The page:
I have shared enough traumas on this blog, that I ought to share any and all triumphs as well.  And boy am I excited to share a few:

  1. 36 weeks!!! Exactly 4 more weeks until our official due date!
  2. Baby girl has “dropped” (i.e. her head has descended into my pelvis) and is in a perfect position for delivery! I was actually really surprised to hear this news at our appointment yesterday because from what I had read, the dropping often creates a visible change in how you’re carrying the baby and alters your predominant symptoms (more frequent urination, easier breathing, less heartburn/indigestion).  Thus far, I can’t detect any of these changes, but nonetheless, I am ecstatic that she is in such a good position for a smooth labor and delivery!  And barring some anomaly — okay, maybe I shouldn’t bar anomalies at this point — she won’t be able to flip.
  3. New anti-nausea medicine = AWESOME!! So I’m not sure it really alleviates the nausea that much (although I haven’t thrown up since I’ve been on it), BUT it does make me incredibly drowsy and I have slept like a log . . . no, something harder and heavier . . . a brick . . . something ridiculously heavy, an elephant? . . . since I started on it.  Can you believe I’ve slept for 10-11 hours straight for the last 3 nights?  No?  Me neither!  The great thing too is that this is guilt-free sleep.  I struggle with taking medication that will affect baby girl if it is just to alleviate my own symptoms, but since the benefits of me not throwing up, thus becoming dehydrated, thus triggering preterm labor again clearly outweigh the risks for baby, I can get all this glorious sleep while knowing that it is the best thing for both of us.  Oh happy day!!!

I hope you all have a happy day too!

January 14, 2010

Baby shower, 22 December 2009

Filed under: Family, Personal, Pregnancy — Tags: — llcall @ 7:28 pm

Although a snowstorm that day tried to rain on the parade (a few friends and family coming from Salt Lake were sadly detained), the partying just would not be denied!  For one thing, the most gorgeous spread you’ve ever seen was already ready and waiting.  Check it out:

This is me showcasing it, even though I could never possibly create such a wonder!

Although my Aunt Helen was far away in Jackson, Wyoming, her influence could be seen in the artistry of the refreshments.  She is quite the gourmet and my cousin Audrey has inherited that flair for making food more than just “food”!

To match with my family’s’ holiday plans, we scheduled the shower for just a few days before Christmas.  This meant that some of my local friends were out of town already and couldn’t make it, but that out-of-towners from Washington, D.C. to Texas to California were able to come.  What a treat!

East meets west: Andrea (Washington, D.C.) and my sister-in-law Marisha (Bakersfield, CA)

Ishkhanoohie, one of my oldest friends (on my right), was visiting from Texas!

My cute mom and grandma were also on hand:

I have a lot of special memories from that evening: everyone sharing their best baby name suggestions in an attempt to help my floundering and fickleness; just chatting it up with so many people I love so much; and a video interview of Neal (inspired by Marisha and implemented by Audrey) discussing the pregnancy, the naming process, and our baby girl — no doubt a family heirloom!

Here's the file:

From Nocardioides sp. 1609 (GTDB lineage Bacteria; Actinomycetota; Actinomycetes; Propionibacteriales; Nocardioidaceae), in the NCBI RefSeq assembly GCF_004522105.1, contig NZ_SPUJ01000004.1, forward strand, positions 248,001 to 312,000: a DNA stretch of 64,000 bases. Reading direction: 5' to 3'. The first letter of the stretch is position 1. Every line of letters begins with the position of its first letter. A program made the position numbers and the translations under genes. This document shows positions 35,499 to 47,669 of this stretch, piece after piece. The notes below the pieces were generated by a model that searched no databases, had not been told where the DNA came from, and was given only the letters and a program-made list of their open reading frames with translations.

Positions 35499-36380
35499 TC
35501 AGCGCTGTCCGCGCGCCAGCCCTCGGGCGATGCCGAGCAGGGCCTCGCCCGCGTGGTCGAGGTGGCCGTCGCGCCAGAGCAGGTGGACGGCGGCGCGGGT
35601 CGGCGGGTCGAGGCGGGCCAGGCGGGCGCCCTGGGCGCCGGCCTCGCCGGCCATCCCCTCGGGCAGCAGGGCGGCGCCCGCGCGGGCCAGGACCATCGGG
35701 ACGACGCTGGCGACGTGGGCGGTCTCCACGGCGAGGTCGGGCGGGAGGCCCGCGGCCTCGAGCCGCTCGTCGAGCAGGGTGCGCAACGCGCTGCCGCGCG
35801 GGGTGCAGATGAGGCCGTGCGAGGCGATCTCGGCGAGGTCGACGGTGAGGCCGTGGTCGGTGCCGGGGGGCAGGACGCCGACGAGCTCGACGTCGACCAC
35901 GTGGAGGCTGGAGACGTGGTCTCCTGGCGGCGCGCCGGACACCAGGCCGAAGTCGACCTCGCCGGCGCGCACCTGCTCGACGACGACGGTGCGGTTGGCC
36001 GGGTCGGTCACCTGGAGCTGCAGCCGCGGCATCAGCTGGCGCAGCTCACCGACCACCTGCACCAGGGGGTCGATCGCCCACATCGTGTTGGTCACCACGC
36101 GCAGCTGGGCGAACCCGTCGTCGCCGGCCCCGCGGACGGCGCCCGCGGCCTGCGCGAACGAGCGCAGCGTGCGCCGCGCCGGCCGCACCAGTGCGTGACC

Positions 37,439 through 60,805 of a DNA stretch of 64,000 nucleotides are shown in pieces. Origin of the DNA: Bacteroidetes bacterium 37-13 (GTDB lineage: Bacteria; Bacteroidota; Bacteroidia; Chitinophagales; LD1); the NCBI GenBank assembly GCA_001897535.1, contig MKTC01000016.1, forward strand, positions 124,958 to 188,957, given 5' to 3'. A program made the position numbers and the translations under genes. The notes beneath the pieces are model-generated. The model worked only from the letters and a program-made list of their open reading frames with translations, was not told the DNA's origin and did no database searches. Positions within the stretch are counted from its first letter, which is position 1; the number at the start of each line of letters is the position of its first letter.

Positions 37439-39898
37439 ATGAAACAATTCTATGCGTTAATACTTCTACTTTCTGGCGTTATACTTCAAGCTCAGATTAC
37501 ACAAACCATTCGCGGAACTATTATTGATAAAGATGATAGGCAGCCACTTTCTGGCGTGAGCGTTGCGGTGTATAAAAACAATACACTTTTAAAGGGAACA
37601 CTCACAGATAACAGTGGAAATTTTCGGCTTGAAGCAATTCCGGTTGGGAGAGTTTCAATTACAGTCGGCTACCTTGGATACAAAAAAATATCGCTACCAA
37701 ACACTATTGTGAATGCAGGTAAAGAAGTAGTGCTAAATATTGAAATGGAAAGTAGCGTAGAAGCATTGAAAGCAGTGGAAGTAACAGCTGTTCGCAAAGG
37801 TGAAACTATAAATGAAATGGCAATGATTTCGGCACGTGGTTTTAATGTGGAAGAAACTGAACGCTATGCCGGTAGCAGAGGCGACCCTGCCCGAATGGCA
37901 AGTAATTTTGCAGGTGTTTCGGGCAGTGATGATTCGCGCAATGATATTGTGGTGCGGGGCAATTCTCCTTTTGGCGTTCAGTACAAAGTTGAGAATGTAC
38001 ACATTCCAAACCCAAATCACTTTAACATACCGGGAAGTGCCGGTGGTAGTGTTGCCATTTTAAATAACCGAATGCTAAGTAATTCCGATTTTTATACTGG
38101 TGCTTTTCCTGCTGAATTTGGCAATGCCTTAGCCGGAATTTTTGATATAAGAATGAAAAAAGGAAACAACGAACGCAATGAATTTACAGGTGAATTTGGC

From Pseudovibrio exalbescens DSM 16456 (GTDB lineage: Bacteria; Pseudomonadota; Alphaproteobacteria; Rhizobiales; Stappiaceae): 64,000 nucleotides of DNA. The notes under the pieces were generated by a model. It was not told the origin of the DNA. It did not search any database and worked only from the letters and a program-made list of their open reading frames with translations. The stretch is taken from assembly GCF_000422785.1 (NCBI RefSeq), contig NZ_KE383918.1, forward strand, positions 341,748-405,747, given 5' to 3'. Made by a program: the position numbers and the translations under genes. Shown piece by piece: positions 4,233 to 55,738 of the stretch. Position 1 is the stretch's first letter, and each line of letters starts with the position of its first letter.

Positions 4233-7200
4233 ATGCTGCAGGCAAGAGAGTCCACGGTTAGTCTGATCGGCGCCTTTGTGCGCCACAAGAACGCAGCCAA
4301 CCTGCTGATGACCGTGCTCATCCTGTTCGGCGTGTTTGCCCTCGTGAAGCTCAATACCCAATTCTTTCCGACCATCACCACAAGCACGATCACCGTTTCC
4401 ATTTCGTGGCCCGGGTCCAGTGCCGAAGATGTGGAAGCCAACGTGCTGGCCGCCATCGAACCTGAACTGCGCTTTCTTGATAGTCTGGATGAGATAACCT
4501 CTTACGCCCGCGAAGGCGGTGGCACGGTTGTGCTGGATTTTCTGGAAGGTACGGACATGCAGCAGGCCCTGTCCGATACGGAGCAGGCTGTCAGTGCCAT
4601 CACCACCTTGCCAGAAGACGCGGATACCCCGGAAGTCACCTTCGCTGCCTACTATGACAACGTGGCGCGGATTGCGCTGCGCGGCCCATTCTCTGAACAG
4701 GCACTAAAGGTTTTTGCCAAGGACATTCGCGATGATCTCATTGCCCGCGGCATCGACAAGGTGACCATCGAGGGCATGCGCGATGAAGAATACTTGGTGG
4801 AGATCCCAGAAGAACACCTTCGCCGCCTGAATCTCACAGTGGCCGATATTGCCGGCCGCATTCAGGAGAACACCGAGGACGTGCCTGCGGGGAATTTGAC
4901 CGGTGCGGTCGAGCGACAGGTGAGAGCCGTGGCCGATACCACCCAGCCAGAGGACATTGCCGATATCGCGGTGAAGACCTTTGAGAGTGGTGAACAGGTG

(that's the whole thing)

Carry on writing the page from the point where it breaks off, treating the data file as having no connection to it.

We received so many wonderfully thoughtful gifts, which I felt a little sheepish about because we had already been blessed by so much generosity.  I feel undeserving . . . but grateful, since the gifts will serve our little girl well as she has been cursed with a shopping-phobic mother.

So a HUGE thank you to everyone who came to celebrate with us!  And especially to Audrey, Marisha, and my mom for planning such a memorable event.  Baby girl has been kind of tight-lipped about the whole thing, but I know she appreciated the coming out party as well!

January 13, 2010

Simple gifts

Filed under: Personal, Pregnancy — Tags: , , , , , , — llcall @ 7:43 pm

I actually wrote this post on Monday, but felt like I was still midstream in my thought process and wasn’t articulating what I meant very well.  Today I have decided that I am still very much midstream but I might as well throw it out there anyway.

I had a really rough time yesterday.  Luckily for you, my dear readers, the internet wasn’t working in the middle of the night so you were spared a possibly long, probably self-pitying blog post.

Things look a lot brighter today than they did last night, which is not surprising since nothing looks particularly bright at 2 or 3am.  But I mostly credit that little boost in my spirits to my former and current Relief Society presidents Rachael and Kellie.  Rachael came over to chat and give me a neck/shoulder massage.  It’s no big shock that this gave me a lift because as my old roommates can attest, I just eat these up (they used to call me a “massage hooch”)!

But I was surprised at how much I was affected by Kellie’s visit — considering that I didn’t even talk to her.  She stopped by, but I didn’t hear the door, so she later sent me a note to say she was thinking about me and wanted to bring me dinner this week.  The email was brief, but by the end of it, I was just balling.

I think that it really crystallized something that I have been learning from this experience: it is no small thing to be reminded that you are thought of, cared for, prayed for, loved.  I’ve had plenty of other intense experiences from car accidents to health problems, but I don’t remember ever being so affected by the simple expressions of concern that people have offered.  I’ve been asking myself why that is, since I have surely been shown enormous kindness in the past.  For now I have two answers:

First, I am a freakin’ crazy, hormonal pregnant lady this time around!  (Just ask Neal 🙂 )